Canada’s A Hundred Years has channeled their dark, ominous songwriting into a frightful collection of 13-tracks on their appropriately named full-length, Altered Reality. The album is rife with their self-described “psychedelic Badlands Rock” with lots of throwback 60s Garage Fuzz, California Desert Rock and “really slow Death Metal.” The ethos of the album is dark lyrical matter presented in an equally dark musical package. The songs culminate with a feeling of “not fitting into society and being something like anthems for weirdoes.” Turns out that is an apt description.
Jangle guitar ushers in “Mermaids” but any feel good gives way initially with Simmons’ Nick Cave-like vocal delivery and finally the chorus of heavy fuzz, urgent beat work from the percussion and effects-laden electric notes. The dark ethos of the album is laid down immediately on this opening dirge track. “Black Bones” opens to more jangle and plods out of the gate at mid-tempo with Simmons now channeling vintage Morrison on the vocal delivery. Any restraint goes out the window at the midpoint when the fuzz returns in a sonic assault, throaty vocal yells replace the melodic verses and the amps sound to be begging for mercy. “Parallel Lies” blasts at the intro and eschews the “slow Death Metal” moniker with full agro electric that is dripping with effects, messy bent fills and drumhead destruction in the percussion. Eerie backing keys and wah electric open “Ghost.” Don’t let the name fool you; there is no “Unchained Melody” here. It is a funk-laced instrumental rocker that builds from opening electric and backing snare through the keys and then intricate electric note work. Even as “toned down” as this one may appear on the surface, the urgency in the music is ever-present. “Kong” follows the opening formula with a slight restraint through the verse, only to implode at the chorus in sheer unabashed blast musicality. Finally, “Cockroach Mambo” is another aural onslaught with more organic, messy guitar work in the melody and fill departments. Never mind the whimsical track title; this one is still soaked in the dark, downtrodden, dirge-like vibe of the tracks that came before it.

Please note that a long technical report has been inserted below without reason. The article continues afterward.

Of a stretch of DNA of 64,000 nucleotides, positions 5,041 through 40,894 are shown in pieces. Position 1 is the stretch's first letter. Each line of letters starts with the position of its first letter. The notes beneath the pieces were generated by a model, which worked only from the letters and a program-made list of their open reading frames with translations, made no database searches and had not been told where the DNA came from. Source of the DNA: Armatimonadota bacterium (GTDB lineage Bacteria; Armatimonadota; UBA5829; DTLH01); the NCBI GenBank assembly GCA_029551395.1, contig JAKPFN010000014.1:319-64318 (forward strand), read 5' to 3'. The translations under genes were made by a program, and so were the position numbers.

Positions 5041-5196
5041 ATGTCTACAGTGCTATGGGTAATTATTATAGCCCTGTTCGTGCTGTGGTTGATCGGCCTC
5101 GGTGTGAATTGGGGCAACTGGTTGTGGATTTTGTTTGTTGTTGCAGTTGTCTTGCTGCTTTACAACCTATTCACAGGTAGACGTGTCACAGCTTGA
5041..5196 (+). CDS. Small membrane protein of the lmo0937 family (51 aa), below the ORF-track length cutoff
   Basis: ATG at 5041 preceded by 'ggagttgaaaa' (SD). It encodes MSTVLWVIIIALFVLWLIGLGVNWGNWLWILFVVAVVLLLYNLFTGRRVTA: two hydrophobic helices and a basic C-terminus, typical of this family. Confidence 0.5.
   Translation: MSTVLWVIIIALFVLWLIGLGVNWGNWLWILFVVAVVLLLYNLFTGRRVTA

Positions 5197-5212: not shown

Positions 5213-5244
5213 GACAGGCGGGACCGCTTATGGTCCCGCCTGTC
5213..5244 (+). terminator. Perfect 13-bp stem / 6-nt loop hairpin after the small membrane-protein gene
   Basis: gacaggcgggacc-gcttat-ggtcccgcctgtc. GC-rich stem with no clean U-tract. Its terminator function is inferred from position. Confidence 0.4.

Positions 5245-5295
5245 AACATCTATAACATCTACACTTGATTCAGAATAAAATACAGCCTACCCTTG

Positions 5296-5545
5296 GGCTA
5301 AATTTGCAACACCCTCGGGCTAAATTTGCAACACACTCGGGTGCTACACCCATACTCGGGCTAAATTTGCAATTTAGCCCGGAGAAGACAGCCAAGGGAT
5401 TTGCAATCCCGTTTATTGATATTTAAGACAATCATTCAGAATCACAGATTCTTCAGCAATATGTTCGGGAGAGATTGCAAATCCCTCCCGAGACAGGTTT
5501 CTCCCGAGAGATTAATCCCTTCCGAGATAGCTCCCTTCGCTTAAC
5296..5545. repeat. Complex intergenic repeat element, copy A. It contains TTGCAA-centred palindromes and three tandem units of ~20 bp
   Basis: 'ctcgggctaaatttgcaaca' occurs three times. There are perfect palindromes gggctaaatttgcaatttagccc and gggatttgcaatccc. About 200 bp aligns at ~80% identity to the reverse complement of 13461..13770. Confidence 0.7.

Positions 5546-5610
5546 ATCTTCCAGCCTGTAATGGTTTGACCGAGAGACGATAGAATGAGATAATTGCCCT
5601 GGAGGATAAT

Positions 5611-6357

The 13-tracks of Altered Reality bring strife, power and an edge that belies the musicality behind the cacophonous soundscapes. Despite the often-muddled sound of the guitar work, facets of slide, wah and controlled distortion rise to the surface… this implies a command of instrument. Also their commitment to their raw, powerful sound also illustrates that these guys are making the very music they want to be. Certainly not for everyone, but a respectable first outing.
Christopher West – email@example.com
I give this 3/5 Skopes.